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Thread: Some Comments About the SouthWest

  1. #1
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    Default Some Comments About the SouthWest

    Sorry, no pictures. Maybe next time.

    We did the SW recently and here are some conditions folks may want to be aware of:

    • There was major road construction in downtown Bani resulting in a rather confusing detour. If you didn't know the area it would be easy to get lost in a barrio.



    • The road from Cruce de Ocoa to San Jose de Ocoa has suffered some damage in several areas with the road being degraded and in poor condition. Passable, but in many places it's slow going.



    • The damage to the bridge between Bani and Azua that got washed away has been repaired, and there seems to be major work being done to deepen and re-route the flow from the dry river bed. Good luck messing with Mother Nature.



    • The road from Cabral to Polo Magnetico has been completely resurfaced!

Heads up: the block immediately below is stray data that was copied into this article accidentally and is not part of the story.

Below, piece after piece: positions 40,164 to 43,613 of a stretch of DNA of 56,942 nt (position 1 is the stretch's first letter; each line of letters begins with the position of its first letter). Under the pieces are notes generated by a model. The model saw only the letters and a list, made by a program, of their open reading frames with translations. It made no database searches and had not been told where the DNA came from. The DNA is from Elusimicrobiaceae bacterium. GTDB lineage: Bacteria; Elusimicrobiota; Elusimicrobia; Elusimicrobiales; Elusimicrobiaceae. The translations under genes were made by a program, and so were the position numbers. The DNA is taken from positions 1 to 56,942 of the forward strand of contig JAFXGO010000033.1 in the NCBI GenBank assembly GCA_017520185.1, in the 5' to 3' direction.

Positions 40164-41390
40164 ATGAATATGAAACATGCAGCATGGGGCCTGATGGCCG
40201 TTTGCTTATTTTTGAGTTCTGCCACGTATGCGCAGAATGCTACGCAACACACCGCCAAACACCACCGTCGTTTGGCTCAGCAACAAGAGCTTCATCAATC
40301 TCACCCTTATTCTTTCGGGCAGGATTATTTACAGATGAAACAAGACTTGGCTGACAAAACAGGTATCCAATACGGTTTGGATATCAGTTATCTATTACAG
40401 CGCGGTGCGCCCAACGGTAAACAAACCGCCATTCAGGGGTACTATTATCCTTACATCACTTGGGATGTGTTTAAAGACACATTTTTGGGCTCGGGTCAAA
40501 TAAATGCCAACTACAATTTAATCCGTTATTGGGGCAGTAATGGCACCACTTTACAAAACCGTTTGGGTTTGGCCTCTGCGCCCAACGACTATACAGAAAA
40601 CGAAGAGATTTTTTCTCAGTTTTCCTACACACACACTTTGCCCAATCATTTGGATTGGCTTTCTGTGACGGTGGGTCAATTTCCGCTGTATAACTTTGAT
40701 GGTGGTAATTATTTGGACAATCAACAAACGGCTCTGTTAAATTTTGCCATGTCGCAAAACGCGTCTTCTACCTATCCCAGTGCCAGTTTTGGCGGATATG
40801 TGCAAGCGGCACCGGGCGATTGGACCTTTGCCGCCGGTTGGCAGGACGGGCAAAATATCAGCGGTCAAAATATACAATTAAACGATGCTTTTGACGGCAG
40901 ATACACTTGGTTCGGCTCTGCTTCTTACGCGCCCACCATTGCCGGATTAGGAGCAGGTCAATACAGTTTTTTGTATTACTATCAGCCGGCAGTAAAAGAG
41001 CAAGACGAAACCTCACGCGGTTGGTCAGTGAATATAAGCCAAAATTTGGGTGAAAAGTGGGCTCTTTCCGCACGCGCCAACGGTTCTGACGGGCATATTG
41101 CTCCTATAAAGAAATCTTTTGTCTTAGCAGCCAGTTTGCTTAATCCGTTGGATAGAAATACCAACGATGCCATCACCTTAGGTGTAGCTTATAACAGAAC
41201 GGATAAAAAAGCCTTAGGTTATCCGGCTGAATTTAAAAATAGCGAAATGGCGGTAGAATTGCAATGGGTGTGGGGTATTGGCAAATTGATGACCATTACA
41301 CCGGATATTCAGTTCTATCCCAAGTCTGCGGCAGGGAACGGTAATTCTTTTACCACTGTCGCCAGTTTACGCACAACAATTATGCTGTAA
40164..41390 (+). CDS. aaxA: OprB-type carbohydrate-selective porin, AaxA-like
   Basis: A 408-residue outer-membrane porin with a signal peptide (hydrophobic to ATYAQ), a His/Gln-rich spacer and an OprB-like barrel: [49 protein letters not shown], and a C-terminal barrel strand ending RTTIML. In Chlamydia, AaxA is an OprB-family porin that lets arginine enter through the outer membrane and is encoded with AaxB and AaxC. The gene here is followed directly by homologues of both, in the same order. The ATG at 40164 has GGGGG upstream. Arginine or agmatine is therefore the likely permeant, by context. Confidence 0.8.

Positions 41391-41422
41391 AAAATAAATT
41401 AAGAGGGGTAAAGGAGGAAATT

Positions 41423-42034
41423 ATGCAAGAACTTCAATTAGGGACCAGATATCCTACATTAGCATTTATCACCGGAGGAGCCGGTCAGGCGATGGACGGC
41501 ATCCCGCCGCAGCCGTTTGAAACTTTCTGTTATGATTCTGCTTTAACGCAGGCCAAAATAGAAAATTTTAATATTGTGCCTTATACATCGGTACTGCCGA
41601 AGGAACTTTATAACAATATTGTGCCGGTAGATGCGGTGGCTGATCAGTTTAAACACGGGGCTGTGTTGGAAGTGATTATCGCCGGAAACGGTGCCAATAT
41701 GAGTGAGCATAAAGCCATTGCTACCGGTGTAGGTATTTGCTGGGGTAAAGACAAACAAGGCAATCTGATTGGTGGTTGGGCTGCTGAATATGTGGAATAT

• The uphill mountainous section of the road from El Limon to Jimani is completely covered with a layer of nasty oil. I had a rear tire break lose in a right turn about 1'+. Checked my skivvies later.



    • The entire border area in Jimani is in extreme danger of going underwater. No matter how high the make the road, the water from Etang Saumatre is encroaching everywhere. In fact, it is 6" deep in two areas for maybe 10m, and water is now deep on both sides of the road. Because of this condition, the road is just for going in from the DR side, and a new road has been built behind the customs houses going out. Of course many don't follow the rules and problems with traffic ensues. The entire border area, on both sides, is not crammed into a space less than 20% of the old, pre-flooded space, and it is pure chaos on market day. The road leaving has two areas where the water is 18" deep for 20m+. I can tell you it was quite interesting fording them, not knowing what was benrath, on motorcycles. True adventure, and one guy dropped his bike in loose gravel right as he was going into the first stretch of water.